Ford Motor Company announced last week it will invest $1 billion over the next five years in Argo AI, an artificial intelligence company. The investment enables Ford to combine its autonomous vehicle development efforts with Argo AI’s robotics experience and startup speed on AI software to develop a virtual driver system for Ford’s autonomous vehicle to be available in 2021, the company explains. The technology—potentially—could also be licensed to other companies and sectors looking for autonomous capability in the future.

 

Founded by former Google and Uber leaders, Argo AI will include roboticists and engineers working inside and outside of Ford. The team of experts in robotics and AI is led by Argo AI founders Bryan Salesky, company CEO, and Peter Rander, company COO. Both are alumni of Carnegie Mellon National Robotics Engineering Center and former leaders on the self-driving car teams of Google and Uber, respectively.

 

The next decade will be defined by the automation of the automobile, and autonomous vehicles will have a “significant impact on society,” says Ford President and CEO Mark Fields.

 

The current team developing Ford’s virtual driver system—the machine-learning software that acts as the so-called “brain” of autonomous vehicles—will be combined with the team from Argo AI to deliver the virtual driver system for Ford’s SAE level 4 self-driving vehicles. Ford will continue to lead on development of its purpose-built autonomous vehicle hardware platform, as well as on systems integration, manufacturing, exterior and interior design, and regulatory policy management. Argo AI will work with Ford’s autonomous vehicle software development effort to strengthen the commercialization of self-driving vehicles. Fields explains that Argo AI’s agility and Ford’s scale uniquely combine the benefits of a technology startup with the experience and discipline of the automaker’s autonomous vehicle development program.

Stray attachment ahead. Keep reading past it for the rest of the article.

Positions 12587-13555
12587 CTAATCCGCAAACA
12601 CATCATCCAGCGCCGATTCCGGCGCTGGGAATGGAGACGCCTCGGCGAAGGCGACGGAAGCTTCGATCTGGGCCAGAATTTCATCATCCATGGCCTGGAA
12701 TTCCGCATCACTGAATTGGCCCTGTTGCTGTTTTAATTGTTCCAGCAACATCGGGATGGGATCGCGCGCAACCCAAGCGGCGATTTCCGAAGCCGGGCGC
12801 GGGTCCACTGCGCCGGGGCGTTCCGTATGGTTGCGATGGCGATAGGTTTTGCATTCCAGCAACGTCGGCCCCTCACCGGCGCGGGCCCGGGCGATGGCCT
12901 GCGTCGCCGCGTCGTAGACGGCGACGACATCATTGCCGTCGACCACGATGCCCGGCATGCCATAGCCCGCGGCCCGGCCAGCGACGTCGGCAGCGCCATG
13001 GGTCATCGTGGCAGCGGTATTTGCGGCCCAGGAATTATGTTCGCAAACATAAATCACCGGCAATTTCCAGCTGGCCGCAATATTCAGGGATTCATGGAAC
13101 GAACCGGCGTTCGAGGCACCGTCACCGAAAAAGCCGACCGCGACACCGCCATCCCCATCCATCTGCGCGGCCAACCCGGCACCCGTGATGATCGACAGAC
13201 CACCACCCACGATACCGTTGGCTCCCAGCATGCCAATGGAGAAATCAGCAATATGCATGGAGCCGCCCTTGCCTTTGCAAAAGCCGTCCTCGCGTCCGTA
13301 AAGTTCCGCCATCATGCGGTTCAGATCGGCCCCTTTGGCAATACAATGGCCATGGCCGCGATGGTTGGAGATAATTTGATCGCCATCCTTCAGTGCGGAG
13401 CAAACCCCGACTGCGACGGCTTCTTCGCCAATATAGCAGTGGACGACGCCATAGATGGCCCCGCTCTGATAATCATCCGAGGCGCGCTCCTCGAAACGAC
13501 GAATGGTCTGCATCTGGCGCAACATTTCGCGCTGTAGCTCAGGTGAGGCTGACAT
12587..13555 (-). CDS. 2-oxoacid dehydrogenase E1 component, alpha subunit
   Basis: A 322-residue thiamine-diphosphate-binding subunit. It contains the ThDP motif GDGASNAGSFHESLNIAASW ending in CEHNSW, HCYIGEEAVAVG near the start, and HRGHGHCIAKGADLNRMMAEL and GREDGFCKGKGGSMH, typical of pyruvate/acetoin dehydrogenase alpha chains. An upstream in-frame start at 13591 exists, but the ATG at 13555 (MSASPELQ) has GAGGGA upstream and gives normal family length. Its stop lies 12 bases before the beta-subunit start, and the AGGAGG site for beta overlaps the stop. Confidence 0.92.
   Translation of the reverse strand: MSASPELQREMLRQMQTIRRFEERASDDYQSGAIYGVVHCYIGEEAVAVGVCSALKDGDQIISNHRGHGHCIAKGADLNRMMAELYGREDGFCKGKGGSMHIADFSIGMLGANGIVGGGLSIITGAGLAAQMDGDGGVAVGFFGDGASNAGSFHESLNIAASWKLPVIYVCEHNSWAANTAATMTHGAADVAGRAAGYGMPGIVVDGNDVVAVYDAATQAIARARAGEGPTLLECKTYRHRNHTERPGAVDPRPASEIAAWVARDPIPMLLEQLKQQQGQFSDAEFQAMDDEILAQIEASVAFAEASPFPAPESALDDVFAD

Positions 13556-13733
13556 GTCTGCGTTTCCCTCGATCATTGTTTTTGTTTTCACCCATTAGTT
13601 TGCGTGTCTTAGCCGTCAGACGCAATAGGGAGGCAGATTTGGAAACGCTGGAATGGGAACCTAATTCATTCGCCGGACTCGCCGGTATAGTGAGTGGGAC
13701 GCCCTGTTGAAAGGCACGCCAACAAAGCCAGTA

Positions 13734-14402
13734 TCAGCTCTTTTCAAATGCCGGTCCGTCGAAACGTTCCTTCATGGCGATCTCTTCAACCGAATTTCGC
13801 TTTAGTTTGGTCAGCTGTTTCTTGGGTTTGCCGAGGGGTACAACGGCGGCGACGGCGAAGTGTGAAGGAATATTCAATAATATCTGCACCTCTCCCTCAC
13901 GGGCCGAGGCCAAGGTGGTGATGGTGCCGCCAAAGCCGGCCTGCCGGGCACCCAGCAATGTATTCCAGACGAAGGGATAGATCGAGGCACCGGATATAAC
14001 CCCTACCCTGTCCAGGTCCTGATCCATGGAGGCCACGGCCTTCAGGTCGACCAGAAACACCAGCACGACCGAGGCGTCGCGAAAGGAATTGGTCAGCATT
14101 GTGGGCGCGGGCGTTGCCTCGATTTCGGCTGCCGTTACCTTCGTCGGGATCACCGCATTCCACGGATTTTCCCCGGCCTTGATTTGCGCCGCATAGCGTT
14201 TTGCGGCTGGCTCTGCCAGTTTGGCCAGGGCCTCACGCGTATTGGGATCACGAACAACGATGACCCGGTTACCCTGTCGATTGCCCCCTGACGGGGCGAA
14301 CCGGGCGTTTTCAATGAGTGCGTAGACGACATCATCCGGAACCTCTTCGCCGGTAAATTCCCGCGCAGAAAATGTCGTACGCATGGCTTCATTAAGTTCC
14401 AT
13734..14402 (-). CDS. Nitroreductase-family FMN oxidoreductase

“We’re at an inflection point in using AI in a wide range of applications, and the successful deployment of self-driving cars will fundamentally change how people and goods move,” says Salesky. “We’re energized by Ford’s commitment and vision for the future of mobility, and believe this partnership will enable self-driving cars to be commercialized and deployed at scale to extend affordable mobility to all.”

 

Then again, Ford isn’t the only company investing in AI, however. In December, Uber announced plans to buy AI group Geometric Intelligence to form the core of the ride-sharing company’s own AI research center.

 

“Uber is in the business of using technology to move people and things in the real world,” Jeff Holden, chief product officer at Uber, wrote in a blog post. “With all of its complexity and uncertainty, negotiating the real world is a high-order intelligence problem. It manifests in myriad ways, from determining an optimal route, to computing when your car or UberEats order will arrive, to matching riders for UberPool. It extends to teaching a self-driven machine to safely and autonomously navigate the world, whether it’s a car on the roads, an aircraft through busy airspace or new types of robotic devices.”

 

What are your thoughts on the use of AI in autonomous vehicles? Will it be a springboard for use in other industries?